This area is reminiscent of a nice hotel’s gym facilities — but much larger. There are hundreds of lockers, along with washrooms, showers, and seated areas with hairdryers and well-lit mirrors for fixing yourself up afterward. (I couldn’t take pictures of mo the areas here for obvious reasons).
You are required to get naked and scrub up before getting into the lagoon. This is pretty standard for any pool in Iceland and as they say on their website, “everyone benefits when everyone is clean.”
There are several banks of showers and while they do not lock, each has a swinging door you can close for privacy. They’re also fogged so you can see that they are occupied but can’t see all the way through.
The showers each have large containers of shower gel and conditioner provided but no shampoo. Make sure to bring your own for rinsing your hair afterward which I’ll talk about in a later section.Shower gel and conditioner but no shampoo.
There are no temperature settings but the water is comfortably warm without being too hot. You simply press the only button on the wall and the shower will begin. The water spray lasts for about 60 seconds and you can continue to press it for as many times as you need.
NOTE: The showerheads are located directly overhead so if you were planning to not get your hair wet you’ll need to bring a shower cap or do some complex contortioning in the small space!
The locker system is set up very nicely.
There are tons of lockers of various sizes.
I chose a large rectangular locker. It was easily big enough for my hiking boots and backpack.
When you close your locker door, a large sensor set in the wall for that entire bank of lockers starts beeping a countdown. You have around 6 seconds to place your wristband by the sensor. It will flash your locker number as a confirmation. The locker is now locked. You should be sure to pull on the door to make sure, but it should be good to go.
When you come back to your locker, just hover your wristband over the sensor and after a few seconds, your locker door will pop open. You can return to your locker as many times as you need to throughout your time there.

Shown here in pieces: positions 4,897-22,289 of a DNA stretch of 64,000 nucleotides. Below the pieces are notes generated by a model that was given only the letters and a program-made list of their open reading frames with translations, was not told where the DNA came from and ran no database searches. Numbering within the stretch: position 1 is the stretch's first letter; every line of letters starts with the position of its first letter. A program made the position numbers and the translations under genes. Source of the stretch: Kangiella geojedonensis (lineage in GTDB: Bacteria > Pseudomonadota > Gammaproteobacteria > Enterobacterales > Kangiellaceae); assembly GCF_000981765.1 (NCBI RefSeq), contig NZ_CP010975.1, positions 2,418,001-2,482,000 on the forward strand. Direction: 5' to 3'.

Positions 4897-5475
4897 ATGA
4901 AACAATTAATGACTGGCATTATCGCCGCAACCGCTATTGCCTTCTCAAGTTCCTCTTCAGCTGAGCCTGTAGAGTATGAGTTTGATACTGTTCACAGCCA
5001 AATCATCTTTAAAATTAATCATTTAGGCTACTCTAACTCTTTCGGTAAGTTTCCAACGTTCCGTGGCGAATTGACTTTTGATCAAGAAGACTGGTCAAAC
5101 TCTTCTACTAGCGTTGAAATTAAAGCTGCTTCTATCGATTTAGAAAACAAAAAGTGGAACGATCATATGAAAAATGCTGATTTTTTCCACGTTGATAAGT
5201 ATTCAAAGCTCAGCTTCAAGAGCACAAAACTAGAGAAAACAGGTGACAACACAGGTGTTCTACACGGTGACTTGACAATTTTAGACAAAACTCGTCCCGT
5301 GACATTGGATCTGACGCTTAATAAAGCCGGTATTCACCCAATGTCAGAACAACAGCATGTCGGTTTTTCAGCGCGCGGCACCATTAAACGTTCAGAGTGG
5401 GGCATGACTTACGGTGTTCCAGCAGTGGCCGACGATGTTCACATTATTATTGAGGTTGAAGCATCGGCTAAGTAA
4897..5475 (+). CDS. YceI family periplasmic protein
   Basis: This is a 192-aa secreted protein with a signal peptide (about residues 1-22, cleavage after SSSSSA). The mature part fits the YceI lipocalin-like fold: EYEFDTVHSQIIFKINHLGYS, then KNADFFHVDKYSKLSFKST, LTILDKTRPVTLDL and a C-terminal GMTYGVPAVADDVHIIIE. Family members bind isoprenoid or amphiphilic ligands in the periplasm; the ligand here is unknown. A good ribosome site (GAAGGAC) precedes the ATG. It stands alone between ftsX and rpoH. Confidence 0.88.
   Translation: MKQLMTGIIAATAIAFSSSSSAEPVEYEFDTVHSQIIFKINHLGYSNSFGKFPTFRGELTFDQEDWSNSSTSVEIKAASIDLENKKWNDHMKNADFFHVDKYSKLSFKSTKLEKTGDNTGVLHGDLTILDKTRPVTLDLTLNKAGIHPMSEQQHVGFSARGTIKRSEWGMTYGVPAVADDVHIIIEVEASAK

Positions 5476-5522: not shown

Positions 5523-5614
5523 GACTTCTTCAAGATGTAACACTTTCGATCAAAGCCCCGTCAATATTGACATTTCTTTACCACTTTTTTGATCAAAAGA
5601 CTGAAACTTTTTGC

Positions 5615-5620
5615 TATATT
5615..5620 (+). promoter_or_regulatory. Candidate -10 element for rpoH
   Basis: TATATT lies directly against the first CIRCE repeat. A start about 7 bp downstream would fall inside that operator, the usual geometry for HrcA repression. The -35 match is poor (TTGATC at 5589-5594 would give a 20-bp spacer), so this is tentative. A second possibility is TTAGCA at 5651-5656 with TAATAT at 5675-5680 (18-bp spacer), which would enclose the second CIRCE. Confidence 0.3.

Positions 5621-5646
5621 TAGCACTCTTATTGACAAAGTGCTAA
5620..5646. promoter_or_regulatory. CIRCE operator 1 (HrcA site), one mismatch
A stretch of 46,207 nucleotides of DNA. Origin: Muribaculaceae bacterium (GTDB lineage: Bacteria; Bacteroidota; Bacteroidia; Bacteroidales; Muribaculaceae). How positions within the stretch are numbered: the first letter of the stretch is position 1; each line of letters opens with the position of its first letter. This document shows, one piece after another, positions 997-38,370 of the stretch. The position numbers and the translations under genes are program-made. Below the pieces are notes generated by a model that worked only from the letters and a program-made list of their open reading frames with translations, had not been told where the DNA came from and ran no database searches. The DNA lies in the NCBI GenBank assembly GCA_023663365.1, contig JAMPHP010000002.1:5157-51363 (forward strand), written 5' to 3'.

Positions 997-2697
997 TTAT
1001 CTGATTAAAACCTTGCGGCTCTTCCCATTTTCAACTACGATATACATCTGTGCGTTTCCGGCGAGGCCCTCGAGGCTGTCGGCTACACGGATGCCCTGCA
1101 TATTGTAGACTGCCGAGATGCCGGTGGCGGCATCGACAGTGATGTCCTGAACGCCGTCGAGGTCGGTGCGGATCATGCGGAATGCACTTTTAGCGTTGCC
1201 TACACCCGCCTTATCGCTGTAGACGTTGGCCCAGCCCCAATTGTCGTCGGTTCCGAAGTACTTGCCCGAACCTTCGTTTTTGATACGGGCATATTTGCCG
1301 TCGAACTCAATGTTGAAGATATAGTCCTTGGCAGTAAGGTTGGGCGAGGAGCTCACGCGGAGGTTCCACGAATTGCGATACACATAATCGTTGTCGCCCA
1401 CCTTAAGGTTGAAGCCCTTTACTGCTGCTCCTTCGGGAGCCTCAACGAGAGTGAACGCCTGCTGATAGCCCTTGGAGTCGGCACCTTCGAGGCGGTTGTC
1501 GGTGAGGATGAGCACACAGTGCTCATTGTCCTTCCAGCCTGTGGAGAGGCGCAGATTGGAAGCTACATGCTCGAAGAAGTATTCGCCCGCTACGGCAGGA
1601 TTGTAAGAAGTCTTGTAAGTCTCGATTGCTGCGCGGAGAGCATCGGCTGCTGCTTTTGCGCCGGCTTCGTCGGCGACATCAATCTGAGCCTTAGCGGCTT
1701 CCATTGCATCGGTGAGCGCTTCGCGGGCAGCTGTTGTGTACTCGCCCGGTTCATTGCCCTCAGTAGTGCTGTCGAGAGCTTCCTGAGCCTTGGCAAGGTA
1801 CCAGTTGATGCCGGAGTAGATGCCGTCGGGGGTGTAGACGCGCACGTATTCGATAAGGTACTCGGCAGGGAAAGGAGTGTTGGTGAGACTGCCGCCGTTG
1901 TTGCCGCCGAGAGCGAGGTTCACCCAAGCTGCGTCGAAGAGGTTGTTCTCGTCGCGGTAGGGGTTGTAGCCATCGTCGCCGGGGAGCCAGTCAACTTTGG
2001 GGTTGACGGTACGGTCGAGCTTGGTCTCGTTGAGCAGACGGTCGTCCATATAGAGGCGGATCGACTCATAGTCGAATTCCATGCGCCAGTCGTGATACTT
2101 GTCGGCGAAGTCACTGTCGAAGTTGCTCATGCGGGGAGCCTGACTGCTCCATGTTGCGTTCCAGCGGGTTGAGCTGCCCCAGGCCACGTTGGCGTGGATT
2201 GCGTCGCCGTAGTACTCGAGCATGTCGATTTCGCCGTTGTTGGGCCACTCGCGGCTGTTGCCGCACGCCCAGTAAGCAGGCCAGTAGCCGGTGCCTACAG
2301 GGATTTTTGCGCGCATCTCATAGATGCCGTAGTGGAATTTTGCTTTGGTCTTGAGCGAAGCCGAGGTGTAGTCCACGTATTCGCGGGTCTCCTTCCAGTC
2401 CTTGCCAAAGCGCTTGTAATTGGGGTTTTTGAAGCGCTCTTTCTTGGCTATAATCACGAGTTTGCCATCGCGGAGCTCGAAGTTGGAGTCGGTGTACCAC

Heading out to the lagoon
You can take flip-flops and your towel/bathrobe out with you, though I have no idea how people find their items later if it is busy. When we walked out there were hundreds of identical white towels and bathrobes hanging up and flip-flops scattered everywhere. (This would be a good time to use your Minions or Deadpool towel!)
In addition to this spot, there was another area off to the left with hundreds more towels and flip-flops.
We opted not to take towels or flip-flops (as we didn’t have this handy guide and didn’t know what to expect) so we just walked out into the cold and scampered quickly into the warm water!
As you come out of the locker room area and enter the lagoon there is a short outside area (brrrrrr) and then you can quickly submerge into the gorgeous (and warm) blue water. Be careful because the entry area can get quite slippery. There are handrails down the ramp into the water and I strongly recommend using them. (Pictured above.)
OK. Let’s start with the most important thing … the bar. People with drinks in hand in the Blue Lagoon are like beacons of hope for those without. Several times throughout the evening a misty figure would float up to me and ask the all-important question, “Excuse me … where did you get your drink?”
The dim evening light, misting rain, and massive amounts of steam rising off the water make it difficult to see far and many, like me, were interested in exercising that “first drink complimentary” option as quickly as possible.
Lest you find yourself thirsty and lost in the lagoon, here’s how to find the bar. When you first enter the lagoon, there is a bridge over to your right. You can go under that bridge and follow the lagoon as it curves left to the bar, OR go straight out and curve right after the first set of platforms and rocks that you pass.
NOTE: At the time of my visit in late April 2018 at 7 p.m. there was only 1 bar open. There may be more during busy times.
The bar is not just a bar but more of an all-inclusive “drink stand” with numerous options: beer, wine, champagne, soda, Gatorade, iced coffees, and slushies.